Delos is a small island near Mykonos that is currently uninhabited, other than a caretaker who lives there to prevent vandalism. But if only its walls could talk.
According to legend, it was the birthplace of Apollo, King of the Gods. In reality, it was founded by the Ionians about 2500 B.C. and settled by the Mycenaeans about 1000 B.C. It became home to a sanctuary to Apollo (god of light, harmony and balance) and Artemis (the moon goddess). and emerged as one of the ancient Greek’s most sacred spots and pilgrimage sites. It was home to the Delta Festival, in which city-states gathered to honor the god with song and athletic contests.
Then, about 2,000 years ago, Delos began to evolve into an important and prosperous Aegean trading center. Both of these roles—religious site and prosperous secular city—can now be seen at the Delos UNESCO World Heritage Site and Archaeological Museum.
We took a half-day guided tour of the open-air museum with Delos Travel. After a 30-minute boat ride, our guide began with a brief orientation about Delos and its history. This began with the story of how Apollo, and his twin sister Artemis (who is named Diana in Roman mythology), came to be born on such as dry, barren, treeless and very windy island. As the legend goes, Leto, after her illicit affair with Zeus, was banished to this baron, uninhabited island (already a religious sanctuary), where she gave birth to and raised her children.
Based on this heritage, the Mycenaeans established it as a religious pilgrimage site. Despite its harsh environment, the island attracted more and more settlers who overcame its environment and leveraged the island’s central position in the middle of the Cyclades to create a commercial and shipping center. By 478 B.C. the Greeks and the rest of the Hellenistic world, had come to fear Persian expansion into the Aegean and their religious sites and created a confederation, the Delian League, to protect the area. Delos, which became its headquarters. This further spurred Delos’ growth as a commercial center.
But Aegean power politics as they were, Athens, the leader of the League and the controller of its treasury, became uncomfortable with Delos’ commercial ambitions. It used its power to “purify” the island and return it to its original roots as religious center. This included exhuming dead Delians from their graves and persecuting and depriving many of its then residents of their rights as citizens. But when the Macedonian king, Philip II, his son Alexander the Great and their successors gained and exercised control of the Cyclades in 314 B.C., they were much more willing than Athens both to accept Delos’ dual religious/commercial role and to fund the development of many new temples, including the huge temple to Apollo. However, by 166 B.C., the Romans gained control. Although they tolerated, and generally supported Delos’ religious and cult roles (they, after all, honored most of the Greek Gods, albeit often under different names). Generally, however, they were much more interested in the island’s commercial development, than in its religious purity. They greatly expanded the size of Delos’ port and declared the island a “free port” for all commercial activity in the central Mediterranean. This drew merchants, shipowners and bankers to the island. Rapid commercial growth brought growing wealth, the building of luxurious homes and additional investment in both civic infrastructure.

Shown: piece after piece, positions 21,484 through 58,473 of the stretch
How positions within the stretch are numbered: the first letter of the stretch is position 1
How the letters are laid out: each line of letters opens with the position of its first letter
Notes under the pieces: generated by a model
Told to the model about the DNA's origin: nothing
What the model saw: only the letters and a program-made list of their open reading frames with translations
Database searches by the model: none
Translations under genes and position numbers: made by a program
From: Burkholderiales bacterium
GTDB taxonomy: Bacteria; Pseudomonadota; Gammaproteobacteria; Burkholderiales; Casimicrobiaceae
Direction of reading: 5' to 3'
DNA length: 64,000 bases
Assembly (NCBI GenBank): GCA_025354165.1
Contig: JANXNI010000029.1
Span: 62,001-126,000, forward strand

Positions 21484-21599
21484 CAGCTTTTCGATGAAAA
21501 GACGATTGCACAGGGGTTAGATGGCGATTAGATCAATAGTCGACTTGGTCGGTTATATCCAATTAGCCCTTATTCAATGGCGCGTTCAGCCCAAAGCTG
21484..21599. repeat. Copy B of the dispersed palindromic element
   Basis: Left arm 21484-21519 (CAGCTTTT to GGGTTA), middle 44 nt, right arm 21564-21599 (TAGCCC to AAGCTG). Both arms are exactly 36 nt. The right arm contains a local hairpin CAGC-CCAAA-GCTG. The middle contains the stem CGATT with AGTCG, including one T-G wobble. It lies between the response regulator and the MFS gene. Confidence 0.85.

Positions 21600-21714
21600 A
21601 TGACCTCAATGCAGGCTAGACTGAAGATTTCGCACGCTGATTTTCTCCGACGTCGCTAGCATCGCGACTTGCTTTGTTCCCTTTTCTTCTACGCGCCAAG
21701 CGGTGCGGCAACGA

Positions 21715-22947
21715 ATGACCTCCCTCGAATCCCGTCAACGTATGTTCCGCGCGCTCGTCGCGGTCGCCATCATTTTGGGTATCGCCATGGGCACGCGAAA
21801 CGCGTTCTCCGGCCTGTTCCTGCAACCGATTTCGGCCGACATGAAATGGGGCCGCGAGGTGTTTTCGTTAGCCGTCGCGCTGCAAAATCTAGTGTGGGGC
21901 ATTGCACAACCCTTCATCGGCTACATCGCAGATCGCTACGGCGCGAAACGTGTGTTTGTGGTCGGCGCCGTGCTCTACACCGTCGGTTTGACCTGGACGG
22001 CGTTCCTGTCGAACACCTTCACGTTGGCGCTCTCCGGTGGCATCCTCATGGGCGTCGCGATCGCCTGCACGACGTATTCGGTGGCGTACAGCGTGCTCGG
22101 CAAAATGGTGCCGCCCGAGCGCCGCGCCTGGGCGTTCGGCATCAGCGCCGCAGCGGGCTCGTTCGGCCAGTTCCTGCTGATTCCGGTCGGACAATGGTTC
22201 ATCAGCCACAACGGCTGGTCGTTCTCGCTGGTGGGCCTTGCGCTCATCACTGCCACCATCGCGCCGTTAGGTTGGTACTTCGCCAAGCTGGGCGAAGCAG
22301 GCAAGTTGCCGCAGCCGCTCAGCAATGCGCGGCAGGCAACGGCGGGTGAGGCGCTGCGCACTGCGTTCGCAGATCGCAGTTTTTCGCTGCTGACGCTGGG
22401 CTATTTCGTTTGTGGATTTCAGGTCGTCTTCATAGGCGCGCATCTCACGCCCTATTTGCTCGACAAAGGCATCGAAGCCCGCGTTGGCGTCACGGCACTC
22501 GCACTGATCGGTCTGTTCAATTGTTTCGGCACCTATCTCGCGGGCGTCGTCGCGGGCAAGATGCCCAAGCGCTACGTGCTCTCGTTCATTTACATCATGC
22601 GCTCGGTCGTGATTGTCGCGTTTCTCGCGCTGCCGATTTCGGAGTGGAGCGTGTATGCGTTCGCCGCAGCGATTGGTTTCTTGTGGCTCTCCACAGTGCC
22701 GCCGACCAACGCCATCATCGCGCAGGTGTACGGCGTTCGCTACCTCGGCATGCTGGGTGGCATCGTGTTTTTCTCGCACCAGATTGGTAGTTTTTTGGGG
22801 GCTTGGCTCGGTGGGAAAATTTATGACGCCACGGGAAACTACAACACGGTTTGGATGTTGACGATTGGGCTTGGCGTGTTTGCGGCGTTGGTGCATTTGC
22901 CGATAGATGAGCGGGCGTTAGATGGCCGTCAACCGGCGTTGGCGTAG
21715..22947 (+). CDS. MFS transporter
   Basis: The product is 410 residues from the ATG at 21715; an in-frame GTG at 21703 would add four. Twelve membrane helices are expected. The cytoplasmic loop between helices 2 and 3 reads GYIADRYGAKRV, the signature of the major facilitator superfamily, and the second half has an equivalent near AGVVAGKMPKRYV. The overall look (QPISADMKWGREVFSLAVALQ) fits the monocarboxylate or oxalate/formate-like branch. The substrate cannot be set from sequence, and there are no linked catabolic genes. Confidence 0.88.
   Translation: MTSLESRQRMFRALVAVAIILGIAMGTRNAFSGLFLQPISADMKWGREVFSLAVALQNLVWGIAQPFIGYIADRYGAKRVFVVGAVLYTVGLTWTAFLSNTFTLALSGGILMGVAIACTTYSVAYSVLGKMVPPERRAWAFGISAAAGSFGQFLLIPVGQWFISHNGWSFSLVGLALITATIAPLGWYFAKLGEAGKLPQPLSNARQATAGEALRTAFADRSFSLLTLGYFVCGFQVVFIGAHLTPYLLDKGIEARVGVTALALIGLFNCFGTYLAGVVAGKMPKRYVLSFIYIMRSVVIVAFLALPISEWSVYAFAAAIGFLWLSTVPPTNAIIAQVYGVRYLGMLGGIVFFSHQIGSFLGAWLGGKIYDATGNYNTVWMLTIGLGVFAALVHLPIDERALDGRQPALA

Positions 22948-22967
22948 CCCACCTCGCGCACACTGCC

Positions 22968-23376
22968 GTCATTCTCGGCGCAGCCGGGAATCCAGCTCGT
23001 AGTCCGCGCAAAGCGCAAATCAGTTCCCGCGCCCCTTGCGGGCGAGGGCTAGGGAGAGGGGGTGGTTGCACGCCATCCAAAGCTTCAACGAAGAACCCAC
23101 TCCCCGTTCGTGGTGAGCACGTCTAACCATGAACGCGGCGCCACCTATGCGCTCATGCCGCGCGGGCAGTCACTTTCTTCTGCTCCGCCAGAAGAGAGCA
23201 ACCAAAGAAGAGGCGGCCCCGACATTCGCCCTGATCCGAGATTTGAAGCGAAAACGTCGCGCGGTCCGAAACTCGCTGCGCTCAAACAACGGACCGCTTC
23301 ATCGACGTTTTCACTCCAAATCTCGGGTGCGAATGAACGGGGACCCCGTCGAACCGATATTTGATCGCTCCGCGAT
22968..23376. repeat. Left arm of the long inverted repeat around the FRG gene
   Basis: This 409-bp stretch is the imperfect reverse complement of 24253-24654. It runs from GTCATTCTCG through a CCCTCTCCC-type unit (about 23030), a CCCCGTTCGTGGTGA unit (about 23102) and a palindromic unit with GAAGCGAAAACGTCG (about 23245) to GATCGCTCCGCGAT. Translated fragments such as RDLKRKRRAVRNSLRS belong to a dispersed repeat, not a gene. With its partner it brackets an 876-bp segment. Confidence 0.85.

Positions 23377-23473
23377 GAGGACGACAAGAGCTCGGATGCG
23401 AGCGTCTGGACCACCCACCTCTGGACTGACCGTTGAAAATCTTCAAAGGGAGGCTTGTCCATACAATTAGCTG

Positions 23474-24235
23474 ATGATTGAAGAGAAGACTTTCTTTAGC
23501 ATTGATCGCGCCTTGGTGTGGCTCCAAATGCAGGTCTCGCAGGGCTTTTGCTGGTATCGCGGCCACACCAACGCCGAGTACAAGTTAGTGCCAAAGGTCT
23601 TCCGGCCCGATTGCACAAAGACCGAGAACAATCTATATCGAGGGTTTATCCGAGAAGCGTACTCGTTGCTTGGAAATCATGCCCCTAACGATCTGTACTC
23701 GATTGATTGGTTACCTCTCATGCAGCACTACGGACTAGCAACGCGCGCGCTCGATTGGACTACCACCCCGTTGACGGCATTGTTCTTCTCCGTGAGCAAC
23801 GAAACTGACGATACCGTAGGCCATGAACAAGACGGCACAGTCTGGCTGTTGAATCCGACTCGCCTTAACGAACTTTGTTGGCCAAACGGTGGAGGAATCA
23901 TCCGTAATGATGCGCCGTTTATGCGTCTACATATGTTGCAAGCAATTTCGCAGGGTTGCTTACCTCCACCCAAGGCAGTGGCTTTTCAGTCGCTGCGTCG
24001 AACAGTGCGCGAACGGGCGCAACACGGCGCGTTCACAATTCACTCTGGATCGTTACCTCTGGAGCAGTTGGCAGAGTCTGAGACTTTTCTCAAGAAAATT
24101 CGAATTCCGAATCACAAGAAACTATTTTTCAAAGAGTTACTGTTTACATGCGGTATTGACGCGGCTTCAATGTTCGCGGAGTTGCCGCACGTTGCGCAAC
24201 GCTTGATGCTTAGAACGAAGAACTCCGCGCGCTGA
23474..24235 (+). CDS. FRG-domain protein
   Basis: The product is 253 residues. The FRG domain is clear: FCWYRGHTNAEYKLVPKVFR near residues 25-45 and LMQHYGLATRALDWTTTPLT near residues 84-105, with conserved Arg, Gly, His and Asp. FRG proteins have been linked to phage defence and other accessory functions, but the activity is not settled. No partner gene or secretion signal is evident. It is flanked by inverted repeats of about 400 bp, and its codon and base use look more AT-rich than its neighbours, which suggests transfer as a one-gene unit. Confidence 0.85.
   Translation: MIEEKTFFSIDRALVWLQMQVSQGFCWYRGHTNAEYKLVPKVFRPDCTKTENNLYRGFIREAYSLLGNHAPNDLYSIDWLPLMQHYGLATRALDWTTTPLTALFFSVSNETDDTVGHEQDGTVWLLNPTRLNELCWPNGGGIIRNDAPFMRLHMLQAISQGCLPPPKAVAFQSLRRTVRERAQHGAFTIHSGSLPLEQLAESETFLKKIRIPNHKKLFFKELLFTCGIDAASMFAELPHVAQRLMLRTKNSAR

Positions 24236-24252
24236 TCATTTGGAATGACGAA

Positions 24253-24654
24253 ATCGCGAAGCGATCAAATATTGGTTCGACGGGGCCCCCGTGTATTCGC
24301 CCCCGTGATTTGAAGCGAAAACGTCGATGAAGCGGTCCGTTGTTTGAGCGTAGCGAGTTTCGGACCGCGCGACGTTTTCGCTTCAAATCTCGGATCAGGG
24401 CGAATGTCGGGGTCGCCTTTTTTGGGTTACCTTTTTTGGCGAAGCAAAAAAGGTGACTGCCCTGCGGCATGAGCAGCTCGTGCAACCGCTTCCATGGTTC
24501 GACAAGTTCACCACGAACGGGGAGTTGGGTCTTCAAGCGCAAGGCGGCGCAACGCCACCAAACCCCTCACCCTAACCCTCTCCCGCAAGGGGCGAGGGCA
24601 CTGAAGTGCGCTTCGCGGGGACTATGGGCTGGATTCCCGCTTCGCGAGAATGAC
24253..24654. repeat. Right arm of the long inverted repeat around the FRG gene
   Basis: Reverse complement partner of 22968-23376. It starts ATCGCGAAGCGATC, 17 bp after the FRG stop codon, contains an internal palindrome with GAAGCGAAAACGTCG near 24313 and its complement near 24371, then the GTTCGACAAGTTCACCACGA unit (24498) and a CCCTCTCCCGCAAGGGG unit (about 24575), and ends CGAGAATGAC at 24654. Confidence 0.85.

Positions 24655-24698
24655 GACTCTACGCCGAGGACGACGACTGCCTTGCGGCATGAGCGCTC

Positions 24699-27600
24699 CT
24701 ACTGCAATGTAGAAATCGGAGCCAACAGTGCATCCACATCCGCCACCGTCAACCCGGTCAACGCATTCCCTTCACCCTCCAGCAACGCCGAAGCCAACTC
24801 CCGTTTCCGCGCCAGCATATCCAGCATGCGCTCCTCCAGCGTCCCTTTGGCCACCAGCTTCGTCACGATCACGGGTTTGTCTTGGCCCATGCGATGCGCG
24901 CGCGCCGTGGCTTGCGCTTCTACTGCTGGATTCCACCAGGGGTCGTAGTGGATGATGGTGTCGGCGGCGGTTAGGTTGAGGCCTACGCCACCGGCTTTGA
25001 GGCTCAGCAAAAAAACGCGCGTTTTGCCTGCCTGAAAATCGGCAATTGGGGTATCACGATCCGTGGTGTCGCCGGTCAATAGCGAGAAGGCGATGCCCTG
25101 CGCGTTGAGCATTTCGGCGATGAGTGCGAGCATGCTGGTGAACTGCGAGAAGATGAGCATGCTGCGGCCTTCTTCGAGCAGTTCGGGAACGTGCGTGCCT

But neither the Roman Empire, nor Rome’s rule of the Cyclades lasted. When the Turks took over, they and bands of pirates aligned with them, raided and looted the city, destroyed some of its critical infrastructure (especially its critical water retention and distribution system) and ended up massacring an estimated 20,000 Delians. This led to the effective desertion of the island and centuries of additional looting, ending only in 1872, when the island became an internationally protected archeological site and excavations, which continue to this day, began.
The site has been extensively cleaned up, with excess dirt and materials removed, walls stabilized and architectural decorations, statues, mosaics and other artifacts moved to museums in Delos, Mykonos and Athens for protection (although some have been replaced with replicas). The structures, however, have not undergone any reconstruction. Other than the abovementioned intervention, the site remains as it was found in the late 19th century.